Commercial radio and songwriters in row over £22m music royalties
The commercial radio industry is engaged in a stand-off with PRS for Music, the association for composers and songwriters, after PRS tried to hike its fees for broadcasting music by up to 20%.
It is understood that commercial radio trade body RadioCentre recently rejected new "headline terms" proposed by PRS that included an increase of up to 20% on the £20m-£25m paid annually by commercial radio stations as a set percentage of their revenues.
Sources close to the commercial radio industry said it believes that, given the current economic climate, the pressures on broadcasters and the ever-increasing ways people can listen to music, it should actually pay a smaller proportion of income.
On Friday (23 March), Andrew Harrison, chief executive of RadioCentre, wrote to RadioCentre's member stations to inform them of what he called the "pre-emptive and arbitrary increase" PRS was trying to impose.
In the letter, seen by Media Week, Harrison said he expected "individual letters to be sent to commercial radio stations" in the coming days, but advised stations to "take no immediate action" and refer all enquiries to RadioCentre.
The PRS letter, which has also been seen by Media Week, was sent out yesterday (26 March). It said the termination of the existing licence was a "procedural step" and that a new licence would be published "before September".
The current licence was signed for the industry as a whole in 1993 and music radio stations pay either 5.25%, 4% or 3% of their broadcast revenues to PRS, depending on the size of their business. It is believed that the commercial radio industry paid PRS in the region of £22m last year.
It is understood that PRS has proposed to increase the proportion of revenue paid by music stations to 6.25%, 4.75% and 3.5%, representing hikes of between 15% and 20%.
Speech radio stations, such as UTV Media's TalkSport and Global Radio's LBC 97.3, pay around 1% of their broadcast revenues to PRS, despite rarely using music as part of their schedule.
UTV Media left RadioCentre in 2009 and it is understood that it is likely to conduct negotiations with PRS directly, as it believes speech radio stations pay too high a proportion of their income under the current arrangement.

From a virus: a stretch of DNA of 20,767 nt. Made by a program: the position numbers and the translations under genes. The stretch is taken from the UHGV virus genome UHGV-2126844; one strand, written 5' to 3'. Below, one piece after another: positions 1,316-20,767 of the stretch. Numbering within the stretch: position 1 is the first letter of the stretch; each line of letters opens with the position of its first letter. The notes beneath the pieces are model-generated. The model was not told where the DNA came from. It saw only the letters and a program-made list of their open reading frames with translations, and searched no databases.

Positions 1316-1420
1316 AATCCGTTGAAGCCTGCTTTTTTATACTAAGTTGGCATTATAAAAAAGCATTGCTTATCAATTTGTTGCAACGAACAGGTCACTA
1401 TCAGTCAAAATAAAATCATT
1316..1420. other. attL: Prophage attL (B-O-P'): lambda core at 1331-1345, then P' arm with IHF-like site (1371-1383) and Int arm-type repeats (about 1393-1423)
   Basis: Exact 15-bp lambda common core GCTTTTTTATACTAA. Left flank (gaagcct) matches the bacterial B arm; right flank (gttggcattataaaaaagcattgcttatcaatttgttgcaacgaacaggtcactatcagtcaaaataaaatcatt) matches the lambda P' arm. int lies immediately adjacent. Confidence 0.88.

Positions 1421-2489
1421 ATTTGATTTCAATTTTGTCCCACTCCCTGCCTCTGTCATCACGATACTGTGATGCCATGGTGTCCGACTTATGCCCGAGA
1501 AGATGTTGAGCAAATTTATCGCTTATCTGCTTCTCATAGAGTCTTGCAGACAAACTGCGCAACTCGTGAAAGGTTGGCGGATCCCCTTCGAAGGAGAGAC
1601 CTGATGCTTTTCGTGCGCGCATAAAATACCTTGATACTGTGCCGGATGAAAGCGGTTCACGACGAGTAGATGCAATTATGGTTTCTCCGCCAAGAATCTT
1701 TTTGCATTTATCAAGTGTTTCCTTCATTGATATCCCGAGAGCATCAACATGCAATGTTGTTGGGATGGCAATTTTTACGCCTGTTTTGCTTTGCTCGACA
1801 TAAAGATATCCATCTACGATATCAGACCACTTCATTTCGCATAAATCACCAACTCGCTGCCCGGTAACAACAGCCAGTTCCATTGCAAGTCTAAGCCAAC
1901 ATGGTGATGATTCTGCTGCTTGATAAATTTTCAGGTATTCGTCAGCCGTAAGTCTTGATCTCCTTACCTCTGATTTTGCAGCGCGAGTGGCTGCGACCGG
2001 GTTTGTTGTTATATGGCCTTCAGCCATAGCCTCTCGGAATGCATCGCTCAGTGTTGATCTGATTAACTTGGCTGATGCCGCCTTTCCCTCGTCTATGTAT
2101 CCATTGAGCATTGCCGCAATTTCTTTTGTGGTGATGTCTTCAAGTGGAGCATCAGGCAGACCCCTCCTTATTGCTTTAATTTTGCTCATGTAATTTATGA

A spokesman for RadioCentre said: "We are aware that PRS for Music has announced its intention to terminate the music licences of commercial radio stations, at the same time as seeking a significant uplift in royalty rates.
"We are disappointed that PRS felt it necessary to take these aggressive steps, especially as the current licences have been in place for almost 20 years. RadioCentre will work on behalf of all its members to achieve fair value for radio stations, against the challenging economic backdrop faced by all small local businesses."
RadioCentre has been engaged in discussions over the industry's long-term arrangement with PRS since last summer. The plans to terminate the existing contracts came as a shock, as RadioCentre had believed PRS only sought to the "tidy up" the current contract.
Andy Harrower, director of broadcasting at PRS for Music, said: "We started discussions with the RadioCentre about the need for a new licence to best serve the commercial radio sector, almost a year ago.
"From the outset we were clear that a new licence would be in place from October 2012 and that we would need to notify all parties of the termination of the existing 20-year-old licence scheme. We had hoped to have the new licence agreed in this timeframe, but regrettably this is not the case.
"We are confident that we can reach agreement with the RadioCentre to launch a new licence that is simpler, includes the additional rights the industry requires, and truly reflects the value of music to the UK's radio networks, and urge continued negotiation."
Radio stations also pay royalties to PPL, which goes to record companies and performers. The arrangement with PPL is not part of the current negotiations.
Follow Maisie McCabe on Twitter @MaisieMcCabe
This article was first published on mediaweek.co.uk
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